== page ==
These larvae live in the soil; and, when it is wet and muddy, they get up between the toes of boys and girls who are going barefoot, burrow their way in through the skin, and produce a severe itching inflammation of the skin of the feet, known as “ground-itch,” “toe-itch” or “dew-itch.” When they have worked their way through the skin, they bore on into a blood vessel, are carried to the heart, pumped by the heart into the lungs, and there again work their way out of the blood vessels into the bronchial, or air tubes, crawl up these through the windpipe and voice organ into the throat, are swallowed into the stomach, and from there pass on into the upper intestine to attach themselves for their blood-sucking life. If they are sufficiently numerous, their victim becomes thin, weak, and bloodless, with pale, puffy skin, and shortness of breath; he is easily tired on the least exertion, and ready to fall a victim to any disease, like tuberculosis, pneumonia, or typhoid, that may happen to attack him.

Their spread can be absolutely prevented either by the strict use of toilets or deep vaults, thus preventing the deposit of feces anywhere upon the surface of the ground; or by the constant wearing of shoes or sandals, thus preventing the larvae from attacking the feet and working their way through the skin and body into the intestine.

Fortunately, the disease is as curable as it is common, and two doses of a proper germicide, with a day in bed, and a laxative, will promptly cure it except in the worst cases.

The Rashes of Measles, Scarlet Fever, etc. Many of the infectious fevers, such as measles, scarlet fever, chicken-pox, and smallpox, are attended by rashes, or eruptions, upon the surface of the skin, due to a special gathering or accumulation of the particular germs causing each disease, just under the skin. When the skin sheds, or flakes off, after the illness, the germs are shed in the scales and float, or are carried about, and thus spread the disease to others.

These rashes or eruptions are not dangerous in themselves, though often very uncomfortable, but help us to recognize the disease; they probably show us the sort of thing that is going on in the deeper parts of the body. If you imagine that your throat and bronchial tubes and lungs are peppered as full of the disease spots as your skin is, in measles and in scarlet fever, you will readily understand why your throat is so sore and why you have so much tickling and coughing.

The Health of the Scalp and Hair. The scalp, being covered by hair, does not perspire so freely as the rest of the skin of the body; but a considerable amount of oily waste matter is poured out on it, and the surface of its skin scales off in exactly the same way as does the rest of the body. If this accumulation of tiny scales and grease is not properly brushed out, it forms an excellent seed-bed for some of the milder kinds of germs that attack the skin; and a scurfy, itchy condition of the scalp is set up, known as dandruff.

The best way to keep the scalp clean of these accumulations of greasy scales is by vigorous and regular brushing with a moderately stiff, but flexible, bristle brush. Wire brushes should not be used, as the wires scratch and irritate the delicate scalp and do more harm than good. If you watch a groom brushing and currying the coat of a thoroughbred horse, you will get a fair idea of hew you ought to treat your own scalp at least twice a day, night and morning.

If this currying of the hair be thoroughly done, and the head washed with soap and hot water about once a week for short hair and twice a month for long hair, most of the dangers of dandruff and of other infections of the scalp will be avoided. One thing to be remembered is, don’t brush too hard or too deep. There is an old saying and a good one, “You can’t brush the scalp too little, or the hair too much.”

Wetting the hair for the purpose of “slicking” it or combing it, is about as bad a thing as could be done; for the moisture sets up a sort of rancid fermentation in the natural oil of the scalp, giving the well-known sour smell to hair that is combed instead of brushed, and furnishing a splendid soil for germs and bugs of all sorts to breed in. There is no objection to boys’ and men’s wetting their hair in cold water as often as they wish, provided that they rub it thoroughly dry afterward and give it a brisk currying with the brush.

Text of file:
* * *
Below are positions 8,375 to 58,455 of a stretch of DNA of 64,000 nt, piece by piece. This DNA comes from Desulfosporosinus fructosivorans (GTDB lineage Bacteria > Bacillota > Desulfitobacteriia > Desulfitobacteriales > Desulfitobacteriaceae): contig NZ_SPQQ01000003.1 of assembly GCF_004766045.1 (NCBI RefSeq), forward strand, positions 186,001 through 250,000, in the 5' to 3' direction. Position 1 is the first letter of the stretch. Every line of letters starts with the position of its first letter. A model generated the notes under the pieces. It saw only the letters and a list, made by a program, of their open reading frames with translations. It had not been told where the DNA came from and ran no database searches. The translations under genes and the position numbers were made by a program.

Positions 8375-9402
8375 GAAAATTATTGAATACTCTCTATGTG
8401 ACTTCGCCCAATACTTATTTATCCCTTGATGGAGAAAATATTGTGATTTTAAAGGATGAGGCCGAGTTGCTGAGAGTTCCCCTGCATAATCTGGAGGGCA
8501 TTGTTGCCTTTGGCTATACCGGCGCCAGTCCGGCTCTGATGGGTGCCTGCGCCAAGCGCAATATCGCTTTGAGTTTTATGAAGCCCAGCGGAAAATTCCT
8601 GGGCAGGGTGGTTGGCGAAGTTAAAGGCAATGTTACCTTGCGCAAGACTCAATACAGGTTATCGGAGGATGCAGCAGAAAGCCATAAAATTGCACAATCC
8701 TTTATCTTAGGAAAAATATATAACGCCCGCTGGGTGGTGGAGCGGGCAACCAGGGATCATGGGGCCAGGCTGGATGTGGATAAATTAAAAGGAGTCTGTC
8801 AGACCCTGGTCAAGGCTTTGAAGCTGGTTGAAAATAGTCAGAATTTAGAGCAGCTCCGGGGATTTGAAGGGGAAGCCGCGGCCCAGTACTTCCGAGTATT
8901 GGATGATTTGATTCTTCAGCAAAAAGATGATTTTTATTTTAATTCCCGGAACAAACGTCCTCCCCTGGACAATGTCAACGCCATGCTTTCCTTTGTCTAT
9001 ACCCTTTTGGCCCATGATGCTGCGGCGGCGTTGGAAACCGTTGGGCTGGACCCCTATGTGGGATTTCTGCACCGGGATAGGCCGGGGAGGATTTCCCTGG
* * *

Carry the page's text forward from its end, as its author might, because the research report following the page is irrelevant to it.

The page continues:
Hair oils and greases of all sorts are sanitary nuisances, and mere half-civilized and lazy substitutes for proper brushing and washing. There is no drug known to medicine which will cause hair to grow, or make it thicker or curlier. All “hair tonics” claiming to do this are frauds.

Corns, Calluses, and Warts. Our skin not only made our hair, teeth, and nails, but still retains in every part a trace of its nail-making powers, so that under pressure or irritation, it can thicken up into a heavy leather-like substance which we call callus. This is naturally and healthfully present in the soles of the feet and the palms of the hands. Savage, or barbarous, races who wear no shoes get the skin of their soles thickened into a regular human leather, almost half an inch thick, and as tough as rawhide. A somewhat similar condition develops in the palms of the hands of those who work hard with spades, axes, or other tools.

Any good process carried to excess becomes bad, and this is true of this power of callus formation in the skin; for parts of it which are under constant pressure, like the surface of the toes inside the shoe, and particularly of the outside toes, the little and the big toe, develop under that pressure patches of thickened, horny skin, which we call corns. These patches start to grow into cone-shaped projections or buttons; but being prevented from growing outward by the pressure of the shoe, they turn upon themselves and burrow into the skin itself, and we get the well-known ingrowing corn.

If there is anything in the human body which we ought to be thoroughly ashamed of, it is corns; for they are caused by our own vanity, and nothing else, in cramping our feet into shoes one or two sizes too small for them. There are a number of things that can be done to relieve the discomfort of the corn, but the only sure way is to remove its cause, namely, the tight shoe.

Under other kinds of irritation, the skin has the power of growing curious little button-like buds, or projections, which we call warts. These are commonest in childhood, and generally disappear at about twelve or fifteen years of age, when we no longer delight in dirt, and glory in mud pies.

They can be produced upon the hands of grown men and women by irritating fluids and substances, such as wet sugar in the case of bakers and confectioners, and various color-stains in dye works. They seldom last for more than a few months, and usually narrow at their base and drop off, when the particular irritation that caused them ceases. On this account it is seldom worth while to try to remove them by burning with acids or cutting them off; and it is best not to pick at, or irritate, or scratch them too much.